# unmount and remove everything (destroys all the data on the card, mind you) umount $DEVICE* parted $DEVICE rm 2 parted $DEVICE rm 1 umount: /dev/sdb: not mounted. Error: Partition doesn't exist. Information: You may need to update /etc/fstab. # make partitions (if you don't have parted on your linux distro, get it, it's cool) # apt install parted # on ubuntu # pacman -S parted # on arch parted -s $DEVICE 'mklabel msdos' parted -s $DEVICE 'mkpart primary fat32 0% 200MiB' parted -s $DEVICE 'mkpart primary ext2 200MiB 100%' # Make filesystems and mount them ls -ld root || mkdir root ls -ld boot || mkdir boot mkfs.vfat /dev/sdb1 mount /dev/sdb1 boot mkfs.ext4 /dev/sdb2 mount /dev/sdb2 root # Check [temelin ~]# lsblk NAME MAJ:MIN RM SIZE RO TYPE MOUNTPOINT sda 8:0 0 111,8G 0 disk └─sda1 8:1 0 111,8G 0 part /mnt/ssd2 sdb 8:16 1 14,8G 0 disk ├─sdb1 8:17 1 199M 0 part /root/boot └─sdb2 8:18 1 14,6G 0 part /root/root sr0 11:0 1 3,1G 0 rom nvme0n1 259:0 0 232,9G 0 disk ├─nvme0n1p1 259:1 0 300M 0 part /boot/efi └─nvme0n1p2 259:2 0 232,6G 0 part / # If the file is complete and the download is not running anymore # ps -ef | grep wget root 13495 9408 2 15:10 pts/5 00:00:00 wget -q http://os.archlinuxarm.org/os/ArchLinuxARM-rpi-aarch64-latest.tar.gz # still running, give it some more time # once complete bsdtar -xpf ArchLinuxARM-rpi-aarch64-latest.tar.gz -C root sync mv root/boot/* boot sync
Configure the image for use with Raspi4 and preconfigure the WIFI
Keep in mind you have to be extra careful with the special characters in your configs (i.e. escaping all special chars in your pass).
There is one more caveat to the wifi configuration here. The default network daemon (as of writing) is netctl. This can be changed in the future, so keep it in mind. Now, netctl works in such a way, that you need to enable it in the the netctl service in a “special” manner. You need to pass a profile name in the service link. Let’s inspect it:
/etc/systemd/system/multi-user.target.wants/netctl@wlan0\x2dSuperSSID.service -> /usr/lib/systemd/system/netctl@.service
the section netctl@wlan0\x2dSuperSSID.service actually specifies which profile should be loaded (the filename in /etc/netctl/wlan0-SuperSSID. The brutally escaped \0x2d is an ASCII literal character, meaning ‘-‘ or ‘Dash’. So the link name netctl@wlan0-SuperSSid.service says, that netctl should be called as service, with the profile name wlan0-SuperSSID. This “-” needs to be escaped as well. Or, alternatively you can of course NOT use these special characters.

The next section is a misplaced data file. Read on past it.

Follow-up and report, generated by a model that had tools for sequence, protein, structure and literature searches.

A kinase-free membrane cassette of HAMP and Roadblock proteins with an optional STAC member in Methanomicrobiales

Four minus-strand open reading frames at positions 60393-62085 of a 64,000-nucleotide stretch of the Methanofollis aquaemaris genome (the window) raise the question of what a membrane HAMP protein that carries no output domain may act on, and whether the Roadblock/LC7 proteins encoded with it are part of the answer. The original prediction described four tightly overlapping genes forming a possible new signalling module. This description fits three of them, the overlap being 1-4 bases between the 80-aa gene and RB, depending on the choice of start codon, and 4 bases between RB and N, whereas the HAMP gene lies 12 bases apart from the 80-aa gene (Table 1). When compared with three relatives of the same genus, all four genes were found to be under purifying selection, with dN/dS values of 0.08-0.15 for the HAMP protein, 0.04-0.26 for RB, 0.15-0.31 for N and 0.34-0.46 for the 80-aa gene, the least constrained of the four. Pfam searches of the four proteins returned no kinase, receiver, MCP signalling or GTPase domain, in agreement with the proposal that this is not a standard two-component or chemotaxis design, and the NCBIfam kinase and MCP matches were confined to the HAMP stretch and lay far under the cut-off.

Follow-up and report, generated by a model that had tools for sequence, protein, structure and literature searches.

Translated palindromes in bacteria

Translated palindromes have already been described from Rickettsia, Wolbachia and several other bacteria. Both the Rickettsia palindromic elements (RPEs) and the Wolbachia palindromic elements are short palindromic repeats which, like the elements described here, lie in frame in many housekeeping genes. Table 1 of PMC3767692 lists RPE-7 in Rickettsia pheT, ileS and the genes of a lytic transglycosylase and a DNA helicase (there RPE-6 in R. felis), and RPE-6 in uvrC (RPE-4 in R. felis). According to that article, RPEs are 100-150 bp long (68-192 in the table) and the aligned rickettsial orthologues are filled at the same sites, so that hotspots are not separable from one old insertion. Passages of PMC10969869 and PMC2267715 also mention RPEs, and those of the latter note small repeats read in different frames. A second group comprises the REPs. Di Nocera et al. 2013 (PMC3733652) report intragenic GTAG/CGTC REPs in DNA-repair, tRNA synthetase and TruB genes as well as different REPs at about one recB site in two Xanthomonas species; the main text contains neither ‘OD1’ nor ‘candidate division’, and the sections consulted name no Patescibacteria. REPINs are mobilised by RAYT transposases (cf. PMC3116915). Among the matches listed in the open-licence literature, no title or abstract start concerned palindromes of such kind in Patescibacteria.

# Need to adjust stuff for Raspi4 to boot correctly and the hostname sed -i 's/mmcblk0/mmcblk1/g' root/etc/fstab echo $NODE_NAME > root/etc/hostname # just checking cat root/etc/fstab | grep mmcblk1 && echo FSTAB OK cat root/etc/hostname | grep $NODE_NAME && echo HOSTNAME OK # Now for the Wifi echo 'Description="Ventil did this" Interface=wlan0 Connection=wireless Security=wpa ESSID=SuperSSID IP=dhcp Key=SUpersecret\ pass\!' > root/etc/netctl/wlan0-SuperSSID # checking again cat root/etc/netctl/wlan0-SuperSSID # This actually enables the systemd service responsible for the WiFi config ln -s /usr/lib/systemd/system/netctl@.service root/etc/systemd/system/multi-user.target.wants/netctl@wlan0\\x2dSuperSSID.service umount boot root # Boot it up!
As said, boot it up and look at your DHCP leases if it comes up. Oh, you need a DHCP enabled network. 🙂
Now that you have hopefully successfully booted up, you san simply get to your Raspi via ssh (as sshd is enabled by default on Arch) and do the initial config and update (Don’t do the update for a 8G, it breaks the OS – as of time of writing).
pacman-key --init pacman-key --populate pacman -Sy archlinux-keyring pacman-key --refresh-keys pacman -Syyu #breaks on 8G, works for 4G Pi4
Voila! You have your almost headless Raspi Server installation. Enjoy.